int foo(int a) { return (((a + 100) > a) ? 0 : 1); }
int main(void) { return (foo(0x7fffffff)); }

If that one returns 0, bug, if 1, correct.

I suppose this is not a problem in fold-const.c but in some
other code "optimisation".

We'd really appreciate if someone can help with this.
Comment 17 Richard Biener 2007-01-25 14:49:48 UTC
Backporting the fix for PR28651 should fix it I guess.
Comment 18 Thorsten Glaser 2007-01-25 16:09:14 UTC
Subject:  Integer Overflow detection code optimised away, -fwrapv
 broken

Dixi:

>Commit ID:	10045B8CAF141886704
>CVSROOT:	/cvs
>Module name:	gcc
>Changes by:	tg@herc.mirbsd.org	2007/01/25 15:21:11 UTC
>
>Modified files:
>	gcc            : simplify-rtx.c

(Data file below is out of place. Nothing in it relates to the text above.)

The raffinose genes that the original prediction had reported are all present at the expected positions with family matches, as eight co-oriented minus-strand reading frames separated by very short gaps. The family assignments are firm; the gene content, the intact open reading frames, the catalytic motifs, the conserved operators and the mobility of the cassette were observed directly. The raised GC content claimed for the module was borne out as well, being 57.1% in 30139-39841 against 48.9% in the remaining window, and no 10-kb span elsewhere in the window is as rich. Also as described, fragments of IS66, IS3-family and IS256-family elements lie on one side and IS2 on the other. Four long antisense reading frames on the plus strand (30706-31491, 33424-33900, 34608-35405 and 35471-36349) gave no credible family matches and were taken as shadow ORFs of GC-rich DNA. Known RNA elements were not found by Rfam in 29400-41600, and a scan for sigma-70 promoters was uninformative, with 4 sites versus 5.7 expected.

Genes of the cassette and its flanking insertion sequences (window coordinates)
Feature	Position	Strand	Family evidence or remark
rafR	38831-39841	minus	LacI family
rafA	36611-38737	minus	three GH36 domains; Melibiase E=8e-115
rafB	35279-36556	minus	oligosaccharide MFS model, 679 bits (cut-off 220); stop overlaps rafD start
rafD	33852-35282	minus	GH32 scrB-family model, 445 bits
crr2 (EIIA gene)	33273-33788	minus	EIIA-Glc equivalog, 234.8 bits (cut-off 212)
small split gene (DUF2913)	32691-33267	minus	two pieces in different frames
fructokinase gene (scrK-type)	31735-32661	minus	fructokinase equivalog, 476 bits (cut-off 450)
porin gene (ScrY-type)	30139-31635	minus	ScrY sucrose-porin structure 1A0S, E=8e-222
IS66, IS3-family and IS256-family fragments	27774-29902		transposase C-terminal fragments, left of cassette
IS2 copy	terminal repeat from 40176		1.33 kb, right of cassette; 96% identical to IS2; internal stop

>
>Log message:
>   ------- Comment [100]#17 From [101]Richard Guenther 2007-01-25 14:49 -------
>Backporting the fix for [102]PR28651 should fix it I guess.

Yes it does, thanks.

>To generate a diff of this changeset, execute the following commands:
>cvs -R rdiff -ur1.5 -r1.6 gcc/gcc/simplify-rtx.c

That is:

----- cutting here may damage your screen surface -----
Index: gcc/gcc/simplify-rtx.c
diff -u gcc/gcc/simplify-rtx.c:1.5 gcc/gcc/simplify-rtx.c:1.6
--- gcc/gcc/simplify-rtx.c:1.5	Thu Mar 30 19:50:29 2006
+++ gcc/gcc/simplify-rtx.c	Thu Jan 25 15:21:10 2007
@@ -2686,18 +2686,18 @@
      a register or a CONST_INT, this can't help; testing for these cases will
      prevent infinite recursion here and speed things up.
 
-     If CODE is an unsigned comparison, then we can never do this optimization,
-     because it gives an incorrect result if the subtraction wraps around zero.